It was a Tuesday night at the theater, usually the slowest night of the week. Unfortunately, this meant that it was chore night. Last week Evan had Craig scrape this black stuff off from the old popcorn warmer. Craig thought it looked like some sort of devil mold, but Evan had said it was just burnt residue from years of running the warmers too hot, for too long. Tonight, he got the bottles. There were six of the huge recycling containers, one in front of each theater, and each one was overflowing with empties. Craig had figured it would take about an hour to get the job done.

The first bag had gone quick and easy. Craig managed to sing his way through half of the Speak Now album without so much as running into one of these horrors that everyone seemed so worked up about. It wasn’t until he reached the halfway point that he came up against his first gag-worthy container. There had been a couple of Coke bottles filled with spit from people using chewing tobacco in the theater, but as he got to the bottom of the fourth bag, his bare hand (he’d abandoned the latex gloves after the uneventful second bag) made contact with something wet and slimy. An overwhelming smell nearly knocked him on his ass. It was like a mix of vomit, soda, and putrefied flesh, not that he knew what the latter smelled like, but he’d seen enough movies to imagine the scent- and this was it. After three dry heaves, Craig’s esophagus opened up to deliver his stomach contents to the sink.

“You all right, man?” Evan had come rushing to the doorway to check on him. “Hey, where are your gloves?”

After another mouthful of upchuck, Craig wiped his lips and chin with the back of his hand, and felt something greasy on his lips. A taste that matched the overpowering scent from the bag, exploded in his mouth. He pulled his hand away and saw the disgusting brown slime he’d bumped into at the bottom of the bag. He spat into the sink, trying to rid his mouth of the contaminant. Contaminant? He wasn’t sure why he’d thought of it as such, but wasn’t taking any chances.

“Do we have any mouthwash around here?” he said, still hunched over, spitting in the sink.

Evan looked a few extra shades of white standing in the doorway. “Uh, maybe Kathy has some,” he said. “I’ll go ask her.”

Craig watched him scurry off and heard crinkling; the bag behind him was moving. He turned to see the bottom of the sack protrude and retract, like something was trying to find its way out. Washing his hands in the sink, he donned another pair of the latex gloves and opened the foul smelling sack; the movement ceased.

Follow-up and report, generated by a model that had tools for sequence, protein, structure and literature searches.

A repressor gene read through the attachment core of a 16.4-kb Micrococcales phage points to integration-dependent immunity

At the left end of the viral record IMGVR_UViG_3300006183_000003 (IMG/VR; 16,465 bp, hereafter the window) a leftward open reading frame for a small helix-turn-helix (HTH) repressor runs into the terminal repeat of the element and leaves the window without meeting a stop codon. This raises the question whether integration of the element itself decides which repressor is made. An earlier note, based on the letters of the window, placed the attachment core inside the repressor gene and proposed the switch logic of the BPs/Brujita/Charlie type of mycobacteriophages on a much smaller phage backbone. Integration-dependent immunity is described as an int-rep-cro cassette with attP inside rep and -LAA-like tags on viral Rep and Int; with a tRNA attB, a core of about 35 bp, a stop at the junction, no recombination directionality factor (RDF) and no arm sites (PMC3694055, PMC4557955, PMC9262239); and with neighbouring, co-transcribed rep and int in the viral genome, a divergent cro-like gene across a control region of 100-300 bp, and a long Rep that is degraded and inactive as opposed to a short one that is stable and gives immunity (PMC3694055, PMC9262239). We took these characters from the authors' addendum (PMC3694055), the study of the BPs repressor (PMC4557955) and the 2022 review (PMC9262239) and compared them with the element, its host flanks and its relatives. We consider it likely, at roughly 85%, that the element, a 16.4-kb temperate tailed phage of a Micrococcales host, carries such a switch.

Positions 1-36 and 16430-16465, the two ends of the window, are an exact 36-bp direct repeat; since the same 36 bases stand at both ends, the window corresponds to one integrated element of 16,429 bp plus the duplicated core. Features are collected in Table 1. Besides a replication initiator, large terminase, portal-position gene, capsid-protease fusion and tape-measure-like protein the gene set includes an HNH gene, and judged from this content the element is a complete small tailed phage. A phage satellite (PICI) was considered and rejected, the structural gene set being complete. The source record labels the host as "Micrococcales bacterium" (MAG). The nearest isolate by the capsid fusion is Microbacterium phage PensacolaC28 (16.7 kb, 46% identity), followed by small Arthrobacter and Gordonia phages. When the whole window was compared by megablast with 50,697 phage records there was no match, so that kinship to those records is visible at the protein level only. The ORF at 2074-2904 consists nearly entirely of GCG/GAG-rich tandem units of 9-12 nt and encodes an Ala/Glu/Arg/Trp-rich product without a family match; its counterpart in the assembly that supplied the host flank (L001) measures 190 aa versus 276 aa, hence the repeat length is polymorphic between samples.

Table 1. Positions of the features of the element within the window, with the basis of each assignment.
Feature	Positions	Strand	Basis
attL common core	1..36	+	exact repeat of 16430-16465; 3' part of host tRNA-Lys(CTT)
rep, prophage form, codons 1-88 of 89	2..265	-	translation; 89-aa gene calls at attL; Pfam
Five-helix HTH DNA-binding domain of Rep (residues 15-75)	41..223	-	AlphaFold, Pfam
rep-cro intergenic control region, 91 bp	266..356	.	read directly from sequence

“Here, man,” Evan returned to his perch at the entrance holding the mini-bottle of Scope out to him as if he were afraid to enter the room.

“Evan, come check this out.”

“Don’t worry about the bottom ones, man. Just throw them away with the bag. That’s what we always do.”

Craig, as if not hearing Evan, reached into the large bag. He had to put his head inside to reach the bottom. “There’s something down here.”

“Craig, don’t-”

“Whoa!” Craig yanked his hand out as if it had been stung by a bee. “Evan, come look at this.”

Evan looked back out at the empty lobby, praying for a customer; the next movie didn’t start for another forty-five minutes. “Hunter wants me, I’ll be right back,” he lied. He had seen the strange slug things at the bottom of the bags before. He didn’t plan on messing with them again. Hell, he’d had nightmares about the fat little slimy things for months. He was glad to have a new guy at work to do the true dirty work. He decided to focus on Kathy’s great ass instead, leaving Craig to tend with the nastiness in the sink room alone.

Craig picked the bottle bag up out of the barrel and holding one corner, brought up the end to dump the mix of loose juices and old soda out into the sink, and with it, the slimy thing at the bottom. He watched the dark, chunk filled fluids pour out into the sink; bits of candies, popcorn and discarded chew pouches gathered around the drain. After he was certain that the bag was empty, he gave it a good shake and then fingered through the collection of crap clogging the drain. He couldn’t find slug thing anywhere. “Where did you go?” Craig said as he tried shaking the bag out again. After another few seconds of searching and coming up empty, he gave up. “Hmm.”